Sheep Breeding – Teeth:The condition of a sheep’s teeth depend upon its diet and the land where it lives. Animals on a rough, coarse diet will grind their teeth away faster than animals on an easily eaten diet. The molar teeth are far more important than the incisor teeth. They do the grinding of feed. To evaluate the molar teeth, you have to feel on the outside of the cheek and jaw.Never put your fingers inside the animal’s jaw. You are likely to get badly bitten. Bad breath can be a sign that there is something wrong with the molar teeth. Animals with teeth problems should be not selected for breeding.
Sheep Breeding – Feet and legs :A sound sheep has straight legs that are set squarely under the corners of the body. They are not too close at the hocks or knees. The pasterns are neither too straight nor too angled. Sheep with severe feet and leg problems may break down in difficult production situations. Sheep with slight structural defects usually do not have any problems.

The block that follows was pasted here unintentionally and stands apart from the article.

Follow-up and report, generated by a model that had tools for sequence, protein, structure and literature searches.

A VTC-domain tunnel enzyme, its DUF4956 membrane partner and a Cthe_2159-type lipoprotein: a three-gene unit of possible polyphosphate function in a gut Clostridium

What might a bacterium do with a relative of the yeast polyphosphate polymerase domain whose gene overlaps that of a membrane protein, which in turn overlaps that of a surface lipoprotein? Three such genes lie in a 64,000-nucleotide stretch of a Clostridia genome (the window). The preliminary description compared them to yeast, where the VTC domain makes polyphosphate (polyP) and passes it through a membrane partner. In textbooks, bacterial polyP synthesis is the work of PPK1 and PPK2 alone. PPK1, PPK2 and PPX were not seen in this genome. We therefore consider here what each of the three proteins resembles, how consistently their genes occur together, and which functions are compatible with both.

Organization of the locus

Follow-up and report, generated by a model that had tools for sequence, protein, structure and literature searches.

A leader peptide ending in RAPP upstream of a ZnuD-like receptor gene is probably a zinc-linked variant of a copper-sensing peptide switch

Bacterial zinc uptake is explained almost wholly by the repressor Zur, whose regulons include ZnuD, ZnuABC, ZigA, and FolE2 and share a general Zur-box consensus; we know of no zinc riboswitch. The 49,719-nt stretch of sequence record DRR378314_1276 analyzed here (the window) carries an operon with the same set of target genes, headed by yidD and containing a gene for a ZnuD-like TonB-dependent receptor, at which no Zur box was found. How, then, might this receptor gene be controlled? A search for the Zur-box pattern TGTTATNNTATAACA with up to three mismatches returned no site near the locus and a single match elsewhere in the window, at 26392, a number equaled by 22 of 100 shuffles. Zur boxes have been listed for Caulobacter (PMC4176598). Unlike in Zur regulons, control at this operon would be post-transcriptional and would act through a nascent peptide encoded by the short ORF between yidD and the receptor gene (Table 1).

Take a test on sheep feet and leg structure
Sheep Breeding – Hooves:Animals with abnormal or excessive hoof growth, cracked hooves, or extremely splayed hooves should be avoided as breeding stock. Animals with colored hooves are usually preferable to animals with light colored hooves.
Sheep Breeding – Conformation:Conformation is the body form of the animal. It varies by breed and breed type. Smooth shoulders and staight backs are desireable traits. A ram that will be used to sire market lambs should be thickly muscled, especially through the leg and loin.
Sheep Breeding – Volume and capacity:A sheep should have a deep side, wide top, and “round” body, indicative of good spring of rib. Narrow, flat-sided, shallow-bodied animals are less likely to be productive.